A new compendium makes the case for why the crossover artist should be remembered as one of the greats.
Brawny and smooth, mellow and fluid, Tennessee Ernie Ford’s uniquely versatile voice made any song his own. He refused to be constrained by genre labels and was a crossover star of country, pop, and gospel. Ford was honored with three stars on the Hollywood Walk of Fame for his accomplishments in radio, television, and records, was inducted into the Country Music Hall of Fame in 1990, and received the Presidential Medal of Freedom in 1984.
And yet today, he is largely forgotten, perhaps because he was so hard to define. Tennessee Ernie Ford: Portrait of an American Singer (1949 – 1960), a new collection of 154 tracks on five CDs and an accompanying 124-page hardcover book, makes an excellent case for why he should be remembered today.
The book is a series of biographical stories and essays by author Ted Olson interspersed with dozens of photos, scans of promotional flyers, album art, and exhaustive notes on every single song in the collection. One chapter, “Accidental Success: ‘Sixteen Tons,’ ” tells how the cover of Merle Travis’ 1946 labor lament started off as almost an afterthought and went on to dominate the charts and become Ford’s signature song. One interesting note: The memorable finger snaps were how Ford indicated the tempo to the orchestra leader — during rehearsals, that is. In an interview, Ford recalls that producer Lee Gillette screamed by telephone from the control room for Ford to leave the snaps in during waxing. The unusual clarinet-led arrangement further made it an unlikely country and pop hit. And the song was an interesting choice for the right-leaning Ford to record, what with its lyric about the greed of the company and the desperation of the pre-union worker entangled in debt bondage.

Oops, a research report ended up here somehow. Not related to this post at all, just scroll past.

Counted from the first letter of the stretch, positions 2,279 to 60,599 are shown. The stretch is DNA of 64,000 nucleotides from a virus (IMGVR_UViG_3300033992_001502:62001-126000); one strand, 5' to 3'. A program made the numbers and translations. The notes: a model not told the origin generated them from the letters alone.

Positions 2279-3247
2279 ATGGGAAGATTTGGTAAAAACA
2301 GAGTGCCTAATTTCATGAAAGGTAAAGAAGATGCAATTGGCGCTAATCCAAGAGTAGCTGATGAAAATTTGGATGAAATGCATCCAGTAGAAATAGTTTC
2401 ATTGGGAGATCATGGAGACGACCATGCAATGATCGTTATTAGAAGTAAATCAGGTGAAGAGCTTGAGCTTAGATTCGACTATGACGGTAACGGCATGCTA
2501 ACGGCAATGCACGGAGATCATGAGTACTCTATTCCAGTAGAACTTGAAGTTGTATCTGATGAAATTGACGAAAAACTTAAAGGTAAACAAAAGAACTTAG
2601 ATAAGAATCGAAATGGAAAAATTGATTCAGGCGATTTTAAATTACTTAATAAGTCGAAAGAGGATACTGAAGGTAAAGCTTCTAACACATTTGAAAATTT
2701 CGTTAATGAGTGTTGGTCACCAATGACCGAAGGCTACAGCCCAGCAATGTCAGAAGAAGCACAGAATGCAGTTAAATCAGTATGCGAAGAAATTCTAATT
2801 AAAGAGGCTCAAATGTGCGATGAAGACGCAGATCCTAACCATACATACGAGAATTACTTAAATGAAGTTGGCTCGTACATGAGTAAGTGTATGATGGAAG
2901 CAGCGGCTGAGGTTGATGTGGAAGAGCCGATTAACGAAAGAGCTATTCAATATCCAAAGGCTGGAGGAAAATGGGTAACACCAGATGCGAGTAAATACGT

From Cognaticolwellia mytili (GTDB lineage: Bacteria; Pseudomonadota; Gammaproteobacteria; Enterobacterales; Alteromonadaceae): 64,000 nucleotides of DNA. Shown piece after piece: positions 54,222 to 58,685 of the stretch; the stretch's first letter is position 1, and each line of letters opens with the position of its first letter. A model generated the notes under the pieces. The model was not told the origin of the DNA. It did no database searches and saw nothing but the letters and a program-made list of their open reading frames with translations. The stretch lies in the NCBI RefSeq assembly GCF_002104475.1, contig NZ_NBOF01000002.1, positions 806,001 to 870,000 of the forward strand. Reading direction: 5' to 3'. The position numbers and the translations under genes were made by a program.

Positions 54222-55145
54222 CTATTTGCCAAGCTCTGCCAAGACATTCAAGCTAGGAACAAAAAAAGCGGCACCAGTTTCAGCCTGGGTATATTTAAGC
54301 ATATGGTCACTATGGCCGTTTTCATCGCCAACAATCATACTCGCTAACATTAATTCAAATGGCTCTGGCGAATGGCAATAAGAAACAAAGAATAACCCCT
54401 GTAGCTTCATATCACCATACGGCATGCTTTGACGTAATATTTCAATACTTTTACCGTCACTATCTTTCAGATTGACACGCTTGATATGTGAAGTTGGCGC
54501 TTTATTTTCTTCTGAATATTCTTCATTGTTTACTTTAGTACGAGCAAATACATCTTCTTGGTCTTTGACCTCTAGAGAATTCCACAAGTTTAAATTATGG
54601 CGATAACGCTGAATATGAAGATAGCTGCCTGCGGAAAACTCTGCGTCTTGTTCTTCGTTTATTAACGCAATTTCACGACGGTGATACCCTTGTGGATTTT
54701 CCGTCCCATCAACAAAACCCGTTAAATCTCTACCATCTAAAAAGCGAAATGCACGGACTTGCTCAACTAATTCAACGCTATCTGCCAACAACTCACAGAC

The five CDs gather every single secular recording, along with a few spirituals and religious songs, from the first 12 years of Ford’s career. They show his impressive range, from a fun swinging duet of “Hey Good Looking” with Helen O’Connell to the proto-rock-and-roll “hillbilly boogie” of “The Shotgun Boogie” to food-themed novelties such as “The Watermelon Man” to Christmas tunes. The CD collection on its own is indeed a portrait of Ford and a testament to his immense talent, but crack open the beautifully bound book to see the old album jackets and photos and read the stories behind the songs if you want the complete picture.
From the November/December 2015 issue.